|US4152199 *||May 30, 1975||May 1, 1979||The United States Of America, As Represented By The Secretary Of Agriculture||Interpolymer paper strength additives|
|US4167621 *||Jun 26, 1978||Sep 11, 1979||National Starch And Chemical Corporation||Method for preparing starch ether derivatives|
|US4210490 *||Dec 19, 1978||Jul 1, 1980||English Clays Lovering Pochin & Company, Limited||Method of manufacturing paper or cardboard products|
|US4212704 *||Apr 10, 1975||Jul 15, 1980||Grain Processing Corporation||Composition and production process for Fourdrinier fiberboard|
|US4216310 *||Apr 19, 1979||Aug 5, 1980||National Starch And Chemical Corporation||Continuous process for phosphorylating starch|
|US4260738 *||Jan 10, 1980||Apr 7, 1981||National Starch And Chemical Corporation||Novel starch ether derivatives, a method for the preparation thereof|
|US4278573 *||Apr 7, 1980||Jul 14, 1981||National Starch And Chemical Corporation||Preparation of cationic starch graft copolymers from starch, N,N-methylenebisacrylamide, and polyamines|
|US4347100 *||May 21, 1981||Aug 31, 1982||The Chemithon Corporation||Strength of paper from mechanical or thermomechanical pulp|
|US4566910 *||Nov 12, 1982||Jan 28, 1986||Grain Processing Corporation||Starch phosphates and amphoteric starch phosphates|
|US4613407 *||Oct 26, 1984||Sep 23, 1986||Roquette Freres||Cationic additive for the manufacture of paper|
|US4632984 *||Jul 24, 1985||Dec 30, 1986||Kyoritsu Yuki Co., Ltd.||Process for the production of cationic starch|
|US4665014 *||Aug 30, 1985||May 12, 1987||Mitsubishi Paper Mills, Inc.||Polyolefin coated photographic paper support|
|US4741804 *||Apr 3, 1987||May 3, 1988||National Starch And Chemical Corporation||Polysaccharide derivatives containing aldehyde groups, their preparation from the corresponding acetals and use as paper additives|
|US4750974 *||Nov 3, 1986||Jun 14, 1988||Nalco Chemical Company||Papermaking aid|
|US4810785 *||Jul 17, 1987||Mar 7, 1989||A. E. Staley Manufacturing Company||Crosslinked corn bran and utilization in papermaking|
|US4818341 *||Feb 12, 1988||Apr 4, 1989||Basf Aktiengesellschaft||Production of paper and paperboard of high dry strength|
|US4824523 *||Jun 1, 1987||Apr 25, 1989||Svenska Traforskningsinstitutet||Method of making paper with high filler content|
|US4840705 *||Jan 25, 1988||Jun 20, 1989||Nissan Chemical Industries Ltd.||Papermaking method|
|US4849055 *||Jul 10, 1987||Jul 18, 1989||Seiko Kagaku Kogyo Co., Ltd.||Process for making paper using a substituted succinic anhydride as a sizing agent|
|US4872951 *||Jul 13, 1988||Oct 10, 1989||National Starch And Chemical Corporation||Starch blends useful as external paper sizes|
|EP0097371A1 *||Jun 22, 1983||Jan 4, 1984||Sieghard Frey||Process for producing paper or a similar material|
|Citing Patent||Filing date||Publication date||Applicant||Title|
|US5368690 *||Dec 23, 1992||Nov 29, 1994||National Starch And Chemical Investment Holding Corporation||Method of papermaking using crosslinked cationic/amphoteric starches|
|US5385764||Jul 21, 1993||Jan 31, 1995||E. Khashoggi Industries||Hydraulically settable containers and other articles for storing, dispensing, and packaging food and beverages and methods for their manufacture|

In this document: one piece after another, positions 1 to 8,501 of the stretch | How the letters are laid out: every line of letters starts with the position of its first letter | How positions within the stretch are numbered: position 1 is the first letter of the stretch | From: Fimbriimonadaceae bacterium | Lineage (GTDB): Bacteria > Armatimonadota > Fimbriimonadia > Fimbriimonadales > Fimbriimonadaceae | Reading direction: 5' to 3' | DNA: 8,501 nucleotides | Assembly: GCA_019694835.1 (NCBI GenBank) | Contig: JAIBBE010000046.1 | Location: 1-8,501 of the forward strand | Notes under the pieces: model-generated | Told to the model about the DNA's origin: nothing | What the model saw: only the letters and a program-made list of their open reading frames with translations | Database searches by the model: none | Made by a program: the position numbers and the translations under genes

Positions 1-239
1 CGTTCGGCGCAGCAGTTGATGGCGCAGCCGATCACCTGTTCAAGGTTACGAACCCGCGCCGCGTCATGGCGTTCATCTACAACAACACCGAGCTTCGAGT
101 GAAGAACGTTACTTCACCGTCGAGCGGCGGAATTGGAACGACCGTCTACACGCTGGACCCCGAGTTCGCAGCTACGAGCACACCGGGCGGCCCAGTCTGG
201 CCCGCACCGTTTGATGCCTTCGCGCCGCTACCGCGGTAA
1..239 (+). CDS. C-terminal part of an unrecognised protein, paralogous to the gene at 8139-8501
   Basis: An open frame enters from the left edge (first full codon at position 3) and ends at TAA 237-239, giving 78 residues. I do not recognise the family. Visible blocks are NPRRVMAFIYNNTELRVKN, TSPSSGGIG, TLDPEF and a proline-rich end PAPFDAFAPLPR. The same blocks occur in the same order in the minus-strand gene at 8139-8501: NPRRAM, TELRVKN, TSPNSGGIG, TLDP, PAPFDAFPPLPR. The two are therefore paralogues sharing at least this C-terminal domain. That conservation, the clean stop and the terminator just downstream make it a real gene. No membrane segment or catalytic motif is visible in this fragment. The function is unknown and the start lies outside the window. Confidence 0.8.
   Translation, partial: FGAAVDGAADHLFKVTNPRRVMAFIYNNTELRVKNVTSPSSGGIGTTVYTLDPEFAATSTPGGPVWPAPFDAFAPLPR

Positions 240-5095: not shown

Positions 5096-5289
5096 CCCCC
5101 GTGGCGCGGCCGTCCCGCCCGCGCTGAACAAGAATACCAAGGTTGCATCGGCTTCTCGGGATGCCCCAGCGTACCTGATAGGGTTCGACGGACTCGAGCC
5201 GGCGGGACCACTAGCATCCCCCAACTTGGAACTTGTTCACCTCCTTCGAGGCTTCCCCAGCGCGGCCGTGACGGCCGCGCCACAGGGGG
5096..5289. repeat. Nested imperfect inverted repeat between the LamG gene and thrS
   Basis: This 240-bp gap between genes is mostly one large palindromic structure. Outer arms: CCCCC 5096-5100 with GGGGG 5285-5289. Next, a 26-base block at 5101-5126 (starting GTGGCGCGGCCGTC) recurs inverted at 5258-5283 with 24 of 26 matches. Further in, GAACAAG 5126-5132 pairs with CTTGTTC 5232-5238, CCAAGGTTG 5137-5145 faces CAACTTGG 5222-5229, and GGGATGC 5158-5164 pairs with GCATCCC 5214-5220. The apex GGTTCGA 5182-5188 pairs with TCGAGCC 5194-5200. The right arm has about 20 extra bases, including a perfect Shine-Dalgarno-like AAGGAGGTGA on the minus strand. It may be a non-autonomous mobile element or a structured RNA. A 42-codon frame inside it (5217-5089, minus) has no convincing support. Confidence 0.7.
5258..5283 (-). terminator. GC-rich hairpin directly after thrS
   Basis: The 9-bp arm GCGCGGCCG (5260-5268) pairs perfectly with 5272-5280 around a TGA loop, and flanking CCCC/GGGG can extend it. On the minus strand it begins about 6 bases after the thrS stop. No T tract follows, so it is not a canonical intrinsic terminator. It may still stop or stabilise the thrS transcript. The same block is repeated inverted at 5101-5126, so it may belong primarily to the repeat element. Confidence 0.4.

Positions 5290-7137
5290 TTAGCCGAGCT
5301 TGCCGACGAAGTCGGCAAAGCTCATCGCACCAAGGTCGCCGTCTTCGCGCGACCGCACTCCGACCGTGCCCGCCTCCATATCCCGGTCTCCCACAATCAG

|US5453310||Feb 17, 1993||Sep 26, 1995||E. Khashoggi Industries||Cementitious materials for use in packaging containers and their methods of manufacture|
|US5474856 *||Jul 27, 1994||Dec 12, 1995||Fuji Photo Film Co., Ltd.||Photographic printing paper support|
|US5508072||Nov 19, 1993||Apr 16, 1996||E. Khashoggi Industries||Sheets having a highly inorganically filled organic polymer matrix|
|US5514430||Oct 7, 1994||May 7, 1996||E. Khashoggi Industries||Coated hydraulically settable containers and other articles for storing, dispensing, and packaging food and beverages|
|US5523339 *||Jul 29, 1994||Jun 4, 1996||National Starch And Chemical Investment Holding Corporation||Method of papermaking using crosslinked cationic/amphoteric starches|
|US5545450||Mar 25, 1994||Aug 13, 1996||E. Khashoggi Industries||Molded articles having an inorganically filled organic polymer matrix|
|US5578169 *||Nov 9, 1992||Nov 26, 1996||Raision Tehtaat Oy Ab||Reducing level of interference chemicals in water circulation of wood-based fibre suspension processes|
|US5580624||Mar 17, 1995||Dec 3, 1996||E. Khashoggi Industries||Food and beverage containers made from inorganic aggregates and polysaccharide, protein, or synthetic organic binders, and the methods of manufacturing such containers|
|US5582670||Nov 19, 1993||Dec 10, 1996||E. Khashoggi Industries||Methods for the manufacture of sheets having a highly inorganically filled organic polymer matrix|
|US5618341||May 12, 1995||Apr 8, 1997||E. Khashoggi Industries||Methods for uniformly dispersing fibers within starch-based compositions|
|US5631052||Jun 7, 1995||May 20, 1997||E. Khashoggi Industries||Coated cementitious packaging containers|
|US5631053||Jun 7, 1995||May 20, 1997||E. Khashoggi Industries||Hinged articles having an inorganically filled matrix|
|US5641584||Mar 28, 1995||Jun 24, 1997||E. Khashoggi Industries||Highly insulative cementitious matrices and methods for their manufacture|
|US5654048||Jun 7, 1995||Aug 5, 1997||E. Khashoggi Industries||Cementitious packaging containers|
|US5658603||Jun 7, 1995||Aug 19, 1997||E. Khashoggi Industries||Systems for molding articles having an inorganically filled organic polymer matrix|
|US5660900||Aug 9, 1994||Aug 26, 1997||E. Khashoggi Industries||Inorganically filled, starch-bound compositions for manufacturing containers and other articles having a thermodynamically controlled cellular matrix|